ByJonathan Sim, writer at
I'm a writer/film theorist. Check out my articles on Pixar, Harry Potter, Back to the Future, Die Hard, politics, and more!
Jonathan Sim

OK, so I know this isn't my normal Pixar/Harry Potter/Back to the Future stuff, but I do write about other stuff once in a while. Today, I'm going to be talking about basketball.

If this was a YouTube video, the intro would be about now.

So, this hasn't been really established, but I am a huge basketball fan, specifically, the NBA, specifically the New York Knicks. And yeah, I know we had a bad record this season.


And one of the most famous NBA players to ever play for the Knicks was Patrick Ewing.

How does he sweat that much.
How does he sweat that much.

He was drafted by the New York Knicks in 1985 out of Georgetown University. But what if this wasn't where he was supposed to go? What if the draft was fixed so that he could play for the Knicks?

Alright. I don't know where the intro would be anymore.

OK, so in case you don't know yet, look up how an NBA draft works, because I was halfway through writing how it worked when I realized I didn't have a complete understanding of it myself.

Until 1985, this is how the draft would work. The two teams with the worst records of each conference in the previous season would get the first and second draft pick. To decide which team would get which pick, they flipped a coin. But as far as I know, they stopped doing this because a team could try to lose as many games as possible so that they could get a first draft pick next season. So, starting in 1985, the seven teams that didn't make the playoffs had their logo put into an envelope. The envelopes were then placed into a transparent sphere and mixed around. David Stern, former commissioner of the NBA would then pick a random envelope and they would get the #1 pick. Each one Stern picked after that would be second, third, etc.

The Knicks received the first draft pick.
The Knicks received the first draft pick.

OK, so I have a clip of the 1985 NBA draft below, and what I want you to do is start to watch it. Watch how the person dropping the envelopes into the sphere drops them. It's at the beginning.

OK, so watch how he drops the envelopes. You'll see that he drops the first one, second one, third one, and watch the fourth one. He hits the fourth one against the metal pipe. None of the other envelopes he dropped came close to touching the pipe. Only the fourth one did and that gave the corner of the envelope a slight crease.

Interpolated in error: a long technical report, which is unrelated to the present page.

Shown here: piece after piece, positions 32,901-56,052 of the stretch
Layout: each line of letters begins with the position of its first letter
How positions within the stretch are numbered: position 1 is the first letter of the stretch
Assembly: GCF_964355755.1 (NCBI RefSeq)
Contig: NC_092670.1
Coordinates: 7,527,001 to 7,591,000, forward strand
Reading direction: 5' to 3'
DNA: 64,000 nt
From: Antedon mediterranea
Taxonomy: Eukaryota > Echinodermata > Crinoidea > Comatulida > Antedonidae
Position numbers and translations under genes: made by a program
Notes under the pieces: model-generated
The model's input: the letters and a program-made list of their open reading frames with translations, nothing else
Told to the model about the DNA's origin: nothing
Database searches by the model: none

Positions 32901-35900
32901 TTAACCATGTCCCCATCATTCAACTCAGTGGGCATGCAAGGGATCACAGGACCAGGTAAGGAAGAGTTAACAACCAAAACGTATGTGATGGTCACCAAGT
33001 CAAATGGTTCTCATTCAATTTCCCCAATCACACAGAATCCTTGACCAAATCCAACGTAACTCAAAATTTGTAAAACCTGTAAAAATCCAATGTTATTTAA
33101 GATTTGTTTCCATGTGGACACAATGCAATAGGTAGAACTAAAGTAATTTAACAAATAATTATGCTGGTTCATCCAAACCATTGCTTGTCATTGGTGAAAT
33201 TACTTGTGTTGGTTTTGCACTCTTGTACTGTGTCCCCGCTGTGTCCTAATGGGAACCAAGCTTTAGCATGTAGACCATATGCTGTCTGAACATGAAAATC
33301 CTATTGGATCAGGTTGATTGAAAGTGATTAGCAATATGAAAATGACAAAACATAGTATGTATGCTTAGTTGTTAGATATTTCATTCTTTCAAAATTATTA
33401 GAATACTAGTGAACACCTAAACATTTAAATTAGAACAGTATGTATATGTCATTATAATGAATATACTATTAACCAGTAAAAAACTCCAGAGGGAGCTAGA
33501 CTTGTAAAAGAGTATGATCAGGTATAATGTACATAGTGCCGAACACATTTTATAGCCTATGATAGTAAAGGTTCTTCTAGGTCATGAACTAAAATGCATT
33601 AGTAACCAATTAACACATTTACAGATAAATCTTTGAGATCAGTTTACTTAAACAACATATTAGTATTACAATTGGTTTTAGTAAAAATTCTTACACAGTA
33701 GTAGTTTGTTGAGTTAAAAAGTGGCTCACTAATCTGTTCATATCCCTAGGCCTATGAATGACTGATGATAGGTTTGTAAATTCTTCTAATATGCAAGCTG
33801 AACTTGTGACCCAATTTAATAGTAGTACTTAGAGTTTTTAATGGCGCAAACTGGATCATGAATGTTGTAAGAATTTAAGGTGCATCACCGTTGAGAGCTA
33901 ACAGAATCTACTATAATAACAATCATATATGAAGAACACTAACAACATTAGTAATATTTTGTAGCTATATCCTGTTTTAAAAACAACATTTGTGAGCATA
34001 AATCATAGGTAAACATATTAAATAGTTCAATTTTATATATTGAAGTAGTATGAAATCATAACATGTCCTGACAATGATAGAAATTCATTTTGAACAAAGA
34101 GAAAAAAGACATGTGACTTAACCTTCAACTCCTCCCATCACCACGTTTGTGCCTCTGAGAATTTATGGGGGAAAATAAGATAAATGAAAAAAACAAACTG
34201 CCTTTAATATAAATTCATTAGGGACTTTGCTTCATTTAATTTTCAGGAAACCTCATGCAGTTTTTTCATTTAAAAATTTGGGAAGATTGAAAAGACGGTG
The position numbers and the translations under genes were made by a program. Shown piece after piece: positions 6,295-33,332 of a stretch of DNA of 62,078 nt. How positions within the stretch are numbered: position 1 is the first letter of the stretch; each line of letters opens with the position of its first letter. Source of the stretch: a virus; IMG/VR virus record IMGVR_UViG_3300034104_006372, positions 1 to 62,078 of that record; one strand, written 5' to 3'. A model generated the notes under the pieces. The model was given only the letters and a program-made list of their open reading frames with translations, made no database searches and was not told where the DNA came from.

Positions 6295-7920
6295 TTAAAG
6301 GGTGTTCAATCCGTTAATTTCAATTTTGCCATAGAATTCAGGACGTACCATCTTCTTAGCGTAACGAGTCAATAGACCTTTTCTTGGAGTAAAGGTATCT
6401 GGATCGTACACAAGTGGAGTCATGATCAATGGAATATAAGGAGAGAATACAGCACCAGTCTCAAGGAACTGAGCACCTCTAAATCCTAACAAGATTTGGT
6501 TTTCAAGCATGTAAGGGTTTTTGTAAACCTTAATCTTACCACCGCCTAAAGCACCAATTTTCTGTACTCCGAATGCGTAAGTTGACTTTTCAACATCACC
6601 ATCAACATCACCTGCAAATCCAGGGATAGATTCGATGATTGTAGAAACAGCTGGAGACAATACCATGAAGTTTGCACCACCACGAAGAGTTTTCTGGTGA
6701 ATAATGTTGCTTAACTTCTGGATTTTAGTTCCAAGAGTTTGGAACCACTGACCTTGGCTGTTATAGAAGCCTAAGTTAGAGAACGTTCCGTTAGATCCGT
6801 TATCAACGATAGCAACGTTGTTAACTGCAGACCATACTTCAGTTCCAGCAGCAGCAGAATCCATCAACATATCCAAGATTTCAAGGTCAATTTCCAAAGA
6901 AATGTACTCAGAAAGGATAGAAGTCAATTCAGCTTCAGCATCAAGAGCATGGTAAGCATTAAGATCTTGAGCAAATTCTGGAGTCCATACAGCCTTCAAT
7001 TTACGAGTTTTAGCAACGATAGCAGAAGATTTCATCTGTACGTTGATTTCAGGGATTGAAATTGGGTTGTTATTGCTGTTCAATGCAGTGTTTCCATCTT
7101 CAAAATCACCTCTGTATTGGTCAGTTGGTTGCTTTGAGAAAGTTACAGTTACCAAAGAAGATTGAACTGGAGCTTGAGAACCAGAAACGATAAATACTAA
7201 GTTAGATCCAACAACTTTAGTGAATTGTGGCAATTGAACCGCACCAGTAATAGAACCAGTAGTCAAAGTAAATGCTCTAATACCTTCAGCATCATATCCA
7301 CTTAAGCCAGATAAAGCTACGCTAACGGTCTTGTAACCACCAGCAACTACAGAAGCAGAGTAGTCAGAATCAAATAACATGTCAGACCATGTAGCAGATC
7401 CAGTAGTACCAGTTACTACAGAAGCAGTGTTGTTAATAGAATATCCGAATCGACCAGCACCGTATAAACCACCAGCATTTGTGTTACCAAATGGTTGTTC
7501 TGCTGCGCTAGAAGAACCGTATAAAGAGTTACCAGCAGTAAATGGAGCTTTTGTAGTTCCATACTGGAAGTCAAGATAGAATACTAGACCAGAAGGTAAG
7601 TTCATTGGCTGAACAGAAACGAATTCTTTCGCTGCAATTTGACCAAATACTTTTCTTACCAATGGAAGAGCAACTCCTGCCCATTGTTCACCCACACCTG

Now, keep in mind: the person dropping the envelopes is Jack Wagner, a partner of Ernst & Witney. Ernst & Witney was the auditing firm for Gulf + Western Inc., who owned the New York Knicks. So you may be able to see why Wagner would set up a scheme with Stern to rig the draft, because he has a direct connection to the Knicks.

And also, why would he drop the envelopes in one by one? He could have easily just dropped all the envelopes into the sphere together. It's because he knew that envelope was the one with the Knicks in it.

Unpause the video and watch as the sphere is being rotated. You can see David Stern intently watching the bowl, maybe because he's keeping an eye on the envelope. Then, at about 0:41, you'll notice David Stern take a deep breath, as if he's nervous. Do you think he's nervous about standing in front of an audience, something he frequently does, or do you think he's nervous about choosing the wrong envelope?

Keep watching the video. Now, pause right before David picks an envelope. Here's an image of the freeze frame.

Above, you see two envelopes and running across the side of the bowl, you see the sides (edges) of two envelopes. One is closer to the top and one is closer to the bottom. Pay attention to the one on the bottom. Look at the width. You'll see that it's straight, straight, and then you see an arch showing that it has been creased.

Then, you'll see that David Stern takes the stack of envelopes with the Knicks envelope at the bottom and he turns the entire stack over and takes the one with the creased edge. Sure enough, that one has the Knicks logo in it.

Therefore, the Knicks got the first draft pick, Patrick Ewing. It didn't matter anyway. We didn't win jack with Ewing.

Why was it rigged?

Well, I presume that David Stern was a fan of the New York Knicks, as he was born in New York. I was born in New York, and I'm a fan of the Knicks. And there was the point I mentioned earlier about Jack Wagner having a connection with the Knicks. But why did they go through all the trouble of rigging a draft?

Here's why: Ewing was an INCREDIBLY skilled basketball player in Georgetown, winning them an NCAA championship and he won Player of the Year in 1985. So, all this would make the NBA BIG figures if he was drafted and they would get a lot of media attention, plus a TV deal with CBS. Ewing was the first draft pick, and you're wondering why it mattered what team he was on. Well, the Knicks' home court is Madison Square Garden, undoubtedly one of the most famous arenas in the U.S.

So, if they had one of the best players of the league playing in one of the most famous arenas in the NBA, it'd be pretty easy to see why they would want him on the Knicks instead of the Detroit Pistons or something like that (no offense, but The Palace is not that famous).

And that's the theory!

So here's my question for you:


Do you think the draft was rigged?


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